But if everyone has good intentions, then they aren’t worth very much. And focusing on your own good intentions can blind you to injustice that’s happening right in front of you.
The need to feel morally upright is a natural human tendency, but in Los Angeles, it has also been a powerful historic force. In histories of Los Angeles, one important precursor to injustice is that the perpetrators must feel good about what they’re doing.
When city leaders evicted and demolished the homes of the working poor in Bunker Hill to make room for new development in the 1930s, it was widely lauded as “revitalization.” When Japanese Americans were forced into incarceration camps during World War II, The Times ran stories focusing on how new and well-appointed the camps were. When Los Angeles County Supervisor Frank. L. Shaw announced a plan to deport Filipinos on public relief rolls in the 1930s, a Times article claimed that Filipinos returning to the Philippines would be greeted with brass bands and parades.
Good intentions are good, but the truth matters more.
Everything is everywhere.
A few weeks ago, I was in Japan, underneath Tokyo Station, preparing to down a bowl of ramen when I spotted a location of Piehole, the pie restaurant I’ve only ever seen in downtown Los Angeles. I was amused, but I also felt a bit alarmed.
The internet is fraying the borders of geography. Porto’s is in West Covina now. Din Tai Fung is in Glendale. Cracker Barrel, which I thought I had left behind forever in Tennessee, has locations in Victorville and Rialto. Halal Guys is in Koreatown. Shake Shack is in West Hollywood. What’s next - In-N-Out in Manhattan?
Our economy conspires to give you what you most want, where you most want to live. It turns our geography into a commodity. And it’s starting to feel like we’re headed toward a future where everything is the same, everywhere.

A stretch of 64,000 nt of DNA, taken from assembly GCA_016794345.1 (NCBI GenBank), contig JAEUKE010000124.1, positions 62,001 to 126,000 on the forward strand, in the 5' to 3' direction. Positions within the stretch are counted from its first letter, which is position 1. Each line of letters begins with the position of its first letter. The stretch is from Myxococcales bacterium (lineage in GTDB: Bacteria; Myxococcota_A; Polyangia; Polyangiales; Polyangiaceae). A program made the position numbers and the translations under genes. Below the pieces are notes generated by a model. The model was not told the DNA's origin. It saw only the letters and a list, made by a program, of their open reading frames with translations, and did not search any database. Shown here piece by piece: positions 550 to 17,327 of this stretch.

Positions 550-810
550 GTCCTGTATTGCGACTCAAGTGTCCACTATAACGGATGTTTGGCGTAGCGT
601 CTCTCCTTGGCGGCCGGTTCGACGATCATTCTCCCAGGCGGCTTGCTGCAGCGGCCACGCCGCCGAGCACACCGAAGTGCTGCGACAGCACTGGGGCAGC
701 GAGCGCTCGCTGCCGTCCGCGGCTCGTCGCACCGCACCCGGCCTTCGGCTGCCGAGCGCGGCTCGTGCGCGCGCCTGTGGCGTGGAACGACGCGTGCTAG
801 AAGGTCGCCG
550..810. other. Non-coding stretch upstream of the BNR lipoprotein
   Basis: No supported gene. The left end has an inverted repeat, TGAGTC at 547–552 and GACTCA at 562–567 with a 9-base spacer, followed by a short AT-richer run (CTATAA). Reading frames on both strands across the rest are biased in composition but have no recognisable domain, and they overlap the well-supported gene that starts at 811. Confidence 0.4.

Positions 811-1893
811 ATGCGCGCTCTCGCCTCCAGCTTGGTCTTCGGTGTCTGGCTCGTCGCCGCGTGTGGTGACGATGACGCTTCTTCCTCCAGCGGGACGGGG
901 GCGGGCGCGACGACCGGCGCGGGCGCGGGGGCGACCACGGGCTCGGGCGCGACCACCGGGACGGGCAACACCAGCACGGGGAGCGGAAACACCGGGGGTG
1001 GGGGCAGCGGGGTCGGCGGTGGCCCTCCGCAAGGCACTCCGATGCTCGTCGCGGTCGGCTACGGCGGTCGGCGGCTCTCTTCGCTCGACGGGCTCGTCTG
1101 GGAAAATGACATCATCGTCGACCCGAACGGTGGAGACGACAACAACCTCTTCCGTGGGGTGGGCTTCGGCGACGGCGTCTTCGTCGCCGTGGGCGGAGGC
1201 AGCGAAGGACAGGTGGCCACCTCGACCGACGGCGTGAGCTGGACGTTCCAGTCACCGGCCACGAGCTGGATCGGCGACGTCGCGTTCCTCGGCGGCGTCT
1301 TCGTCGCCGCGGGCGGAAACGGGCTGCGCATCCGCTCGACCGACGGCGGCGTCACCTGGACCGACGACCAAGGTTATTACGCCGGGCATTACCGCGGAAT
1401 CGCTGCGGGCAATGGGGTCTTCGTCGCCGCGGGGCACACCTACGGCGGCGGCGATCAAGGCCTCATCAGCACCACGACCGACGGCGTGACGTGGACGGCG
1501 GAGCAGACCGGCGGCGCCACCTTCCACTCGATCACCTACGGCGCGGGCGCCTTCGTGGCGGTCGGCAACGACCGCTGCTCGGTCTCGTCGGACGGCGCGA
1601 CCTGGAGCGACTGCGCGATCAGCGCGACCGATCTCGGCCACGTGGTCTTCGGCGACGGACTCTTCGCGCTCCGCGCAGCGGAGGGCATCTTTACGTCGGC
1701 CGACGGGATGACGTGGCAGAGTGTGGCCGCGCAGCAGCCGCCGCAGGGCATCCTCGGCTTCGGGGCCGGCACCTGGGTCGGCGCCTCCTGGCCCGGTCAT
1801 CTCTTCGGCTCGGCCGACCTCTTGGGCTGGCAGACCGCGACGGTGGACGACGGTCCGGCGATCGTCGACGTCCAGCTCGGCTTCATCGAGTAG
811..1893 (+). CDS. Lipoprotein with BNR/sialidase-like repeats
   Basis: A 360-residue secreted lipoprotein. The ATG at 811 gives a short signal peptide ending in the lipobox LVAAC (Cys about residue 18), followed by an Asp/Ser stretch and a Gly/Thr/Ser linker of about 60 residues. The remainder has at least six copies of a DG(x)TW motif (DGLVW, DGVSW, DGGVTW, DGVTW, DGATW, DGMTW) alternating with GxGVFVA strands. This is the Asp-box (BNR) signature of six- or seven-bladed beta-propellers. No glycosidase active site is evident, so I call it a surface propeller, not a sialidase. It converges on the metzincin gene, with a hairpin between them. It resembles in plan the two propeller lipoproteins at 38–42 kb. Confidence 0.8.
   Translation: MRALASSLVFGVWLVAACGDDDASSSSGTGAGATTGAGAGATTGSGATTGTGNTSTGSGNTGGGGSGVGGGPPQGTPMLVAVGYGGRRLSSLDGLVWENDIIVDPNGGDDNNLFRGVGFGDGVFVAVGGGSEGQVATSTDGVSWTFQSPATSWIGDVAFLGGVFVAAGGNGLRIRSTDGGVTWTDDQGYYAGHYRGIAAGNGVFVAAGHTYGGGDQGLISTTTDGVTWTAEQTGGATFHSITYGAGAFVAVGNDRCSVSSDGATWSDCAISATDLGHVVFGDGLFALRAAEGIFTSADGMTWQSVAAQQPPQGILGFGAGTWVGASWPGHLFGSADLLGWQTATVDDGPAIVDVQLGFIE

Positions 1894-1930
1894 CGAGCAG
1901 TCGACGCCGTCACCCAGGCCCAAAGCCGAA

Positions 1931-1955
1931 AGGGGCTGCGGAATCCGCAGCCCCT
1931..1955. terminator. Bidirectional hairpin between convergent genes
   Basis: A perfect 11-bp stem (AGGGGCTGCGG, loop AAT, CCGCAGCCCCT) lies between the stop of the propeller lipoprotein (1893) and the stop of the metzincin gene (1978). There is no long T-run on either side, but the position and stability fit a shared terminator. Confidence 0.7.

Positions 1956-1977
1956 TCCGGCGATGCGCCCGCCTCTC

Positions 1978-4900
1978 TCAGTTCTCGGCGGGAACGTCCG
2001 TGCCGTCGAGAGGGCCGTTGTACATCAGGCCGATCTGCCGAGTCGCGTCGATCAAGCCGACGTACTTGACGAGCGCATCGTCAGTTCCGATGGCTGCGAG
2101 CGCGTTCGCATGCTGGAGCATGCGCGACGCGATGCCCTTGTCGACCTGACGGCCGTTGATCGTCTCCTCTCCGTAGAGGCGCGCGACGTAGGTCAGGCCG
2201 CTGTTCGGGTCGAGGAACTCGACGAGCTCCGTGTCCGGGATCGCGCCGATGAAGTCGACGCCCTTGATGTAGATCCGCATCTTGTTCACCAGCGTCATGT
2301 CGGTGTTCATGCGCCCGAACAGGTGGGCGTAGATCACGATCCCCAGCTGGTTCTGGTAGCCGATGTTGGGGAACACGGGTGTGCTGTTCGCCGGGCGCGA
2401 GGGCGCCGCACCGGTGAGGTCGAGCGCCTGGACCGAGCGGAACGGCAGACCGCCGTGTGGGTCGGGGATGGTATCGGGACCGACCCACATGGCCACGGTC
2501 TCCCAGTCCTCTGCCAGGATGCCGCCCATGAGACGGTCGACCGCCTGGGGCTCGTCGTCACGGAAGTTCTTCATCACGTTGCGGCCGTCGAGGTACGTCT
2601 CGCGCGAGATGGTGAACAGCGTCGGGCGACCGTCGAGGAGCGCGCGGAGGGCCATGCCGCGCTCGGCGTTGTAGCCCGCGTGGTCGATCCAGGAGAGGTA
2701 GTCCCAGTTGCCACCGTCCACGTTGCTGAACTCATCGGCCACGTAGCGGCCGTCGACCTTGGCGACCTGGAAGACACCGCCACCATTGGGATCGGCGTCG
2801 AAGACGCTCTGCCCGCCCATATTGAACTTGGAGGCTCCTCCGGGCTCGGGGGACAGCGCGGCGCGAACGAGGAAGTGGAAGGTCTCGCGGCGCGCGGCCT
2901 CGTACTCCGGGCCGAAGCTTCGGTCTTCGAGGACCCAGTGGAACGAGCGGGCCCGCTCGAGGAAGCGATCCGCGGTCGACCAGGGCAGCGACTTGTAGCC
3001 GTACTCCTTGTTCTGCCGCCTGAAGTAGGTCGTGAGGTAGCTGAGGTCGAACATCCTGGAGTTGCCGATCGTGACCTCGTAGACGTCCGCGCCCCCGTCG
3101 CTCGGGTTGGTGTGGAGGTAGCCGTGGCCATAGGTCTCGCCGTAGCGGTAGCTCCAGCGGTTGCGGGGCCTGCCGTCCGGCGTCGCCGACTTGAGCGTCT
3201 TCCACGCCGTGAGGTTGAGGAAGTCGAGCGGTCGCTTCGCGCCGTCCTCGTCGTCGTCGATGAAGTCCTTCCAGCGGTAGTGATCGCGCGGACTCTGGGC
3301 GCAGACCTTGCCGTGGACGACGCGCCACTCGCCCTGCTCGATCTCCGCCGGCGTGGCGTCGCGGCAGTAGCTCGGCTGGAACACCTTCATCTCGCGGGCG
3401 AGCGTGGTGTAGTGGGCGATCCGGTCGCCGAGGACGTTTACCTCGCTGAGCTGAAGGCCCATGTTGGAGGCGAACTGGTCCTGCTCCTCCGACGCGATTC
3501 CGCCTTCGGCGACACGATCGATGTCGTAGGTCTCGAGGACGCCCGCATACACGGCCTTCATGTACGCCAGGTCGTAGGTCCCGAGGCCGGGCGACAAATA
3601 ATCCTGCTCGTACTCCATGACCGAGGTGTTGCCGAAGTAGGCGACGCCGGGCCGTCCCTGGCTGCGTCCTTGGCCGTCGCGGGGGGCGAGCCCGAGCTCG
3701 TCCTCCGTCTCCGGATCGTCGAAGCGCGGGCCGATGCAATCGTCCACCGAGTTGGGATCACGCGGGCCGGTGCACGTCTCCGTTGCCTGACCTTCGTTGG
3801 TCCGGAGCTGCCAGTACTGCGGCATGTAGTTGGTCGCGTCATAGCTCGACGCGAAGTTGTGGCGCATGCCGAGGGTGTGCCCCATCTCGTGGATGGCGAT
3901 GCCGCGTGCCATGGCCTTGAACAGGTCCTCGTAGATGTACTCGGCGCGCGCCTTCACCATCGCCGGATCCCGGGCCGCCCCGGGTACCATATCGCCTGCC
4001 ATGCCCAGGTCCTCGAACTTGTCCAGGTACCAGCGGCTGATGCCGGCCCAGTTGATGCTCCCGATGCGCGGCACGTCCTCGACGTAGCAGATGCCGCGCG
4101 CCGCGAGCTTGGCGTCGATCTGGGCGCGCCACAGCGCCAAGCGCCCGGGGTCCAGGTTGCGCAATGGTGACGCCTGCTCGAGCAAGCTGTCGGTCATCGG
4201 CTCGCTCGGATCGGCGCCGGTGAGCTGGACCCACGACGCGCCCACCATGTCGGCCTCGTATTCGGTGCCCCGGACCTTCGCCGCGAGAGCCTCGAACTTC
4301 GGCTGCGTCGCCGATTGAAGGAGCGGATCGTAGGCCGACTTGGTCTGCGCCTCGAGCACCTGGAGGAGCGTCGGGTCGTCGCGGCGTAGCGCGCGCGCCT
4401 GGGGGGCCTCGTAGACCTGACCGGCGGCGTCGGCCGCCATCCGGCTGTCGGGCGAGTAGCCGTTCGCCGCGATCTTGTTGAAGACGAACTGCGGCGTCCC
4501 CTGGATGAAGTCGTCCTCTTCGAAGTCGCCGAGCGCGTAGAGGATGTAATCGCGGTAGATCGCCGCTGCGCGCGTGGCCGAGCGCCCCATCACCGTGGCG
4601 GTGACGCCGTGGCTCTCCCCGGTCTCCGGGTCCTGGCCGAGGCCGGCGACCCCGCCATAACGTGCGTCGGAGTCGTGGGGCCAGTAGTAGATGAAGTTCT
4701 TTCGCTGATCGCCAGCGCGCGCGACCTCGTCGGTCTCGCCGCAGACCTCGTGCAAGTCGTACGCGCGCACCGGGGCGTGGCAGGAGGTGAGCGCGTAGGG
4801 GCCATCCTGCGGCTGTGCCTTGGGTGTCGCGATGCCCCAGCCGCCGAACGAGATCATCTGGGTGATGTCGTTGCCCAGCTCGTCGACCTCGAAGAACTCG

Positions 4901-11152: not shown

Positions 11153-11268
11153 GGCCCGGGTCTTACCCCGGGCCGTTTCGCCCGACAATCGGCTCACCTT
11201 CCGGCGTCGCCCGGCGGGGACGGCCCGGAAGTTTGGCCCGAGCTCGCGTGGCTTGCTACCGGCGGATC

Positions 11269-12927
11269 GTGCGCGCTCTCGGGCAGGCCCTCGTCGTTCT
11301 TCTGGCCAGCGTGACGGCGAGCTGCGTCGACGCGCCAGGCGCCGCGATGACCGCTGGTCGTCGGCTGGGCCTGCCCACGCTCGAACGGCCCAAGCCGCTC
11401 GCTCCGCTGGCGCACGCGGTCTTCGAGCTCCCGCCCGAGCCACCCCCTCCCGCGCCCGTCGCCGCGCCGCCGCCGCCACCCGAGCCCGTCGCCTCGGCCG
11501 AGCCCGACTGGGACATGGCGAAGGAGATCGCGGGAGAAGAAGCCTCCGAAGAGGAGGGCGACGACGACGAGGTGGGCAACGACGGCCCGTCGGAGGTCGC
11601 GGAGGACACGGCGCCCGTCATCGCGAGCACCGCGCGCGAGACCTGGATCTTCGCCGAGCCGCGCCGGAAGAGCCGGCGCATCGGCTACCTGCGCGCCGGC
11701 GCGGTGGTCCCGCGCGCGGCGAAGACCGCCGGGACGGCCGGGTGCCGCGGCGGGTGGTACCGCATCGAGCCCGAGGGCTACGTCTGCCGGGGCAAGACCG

But what I’ve also learned is that our readers crave a connection to the city’s geography, even if the natural arc of their daily lives doesn’t provide it. And that’s why you should subscribe to a newspaper. It’s the last and best news source that is indelibly bound to the geography of the real world.
There are many mainstreams, not just one.
Sometimes I think of the newsstand at Pann’s, a diner on La Cienega that I always drive by on my way to work. There are seven newspapers there: The L.A. News Observer, Pace News, the Los Angeles Wave, L.A. Focus, Our Weekly, Inglewood Today and Inglewood School News.
They’re local newspapers that tell stories that matter to people in the southern part of the city. And though I’ve been going there for five years, I’ve never seen the Los Angeles Times there.
For me, Pann’s newsstand is an important reality check. It’s a reminder that the stories on the covers of the newspapers in this city are different no matter where you go.
Even though I’ve struggled, I think my goal was the correct one. The most truthful perspective is one that acknowledges the many mainstreams that exist in this city. Writing about Los Angeles means wrestling with the city’s kaleidoscopic diversity and variety - even if you fail.
For my part, I promise to keep trying.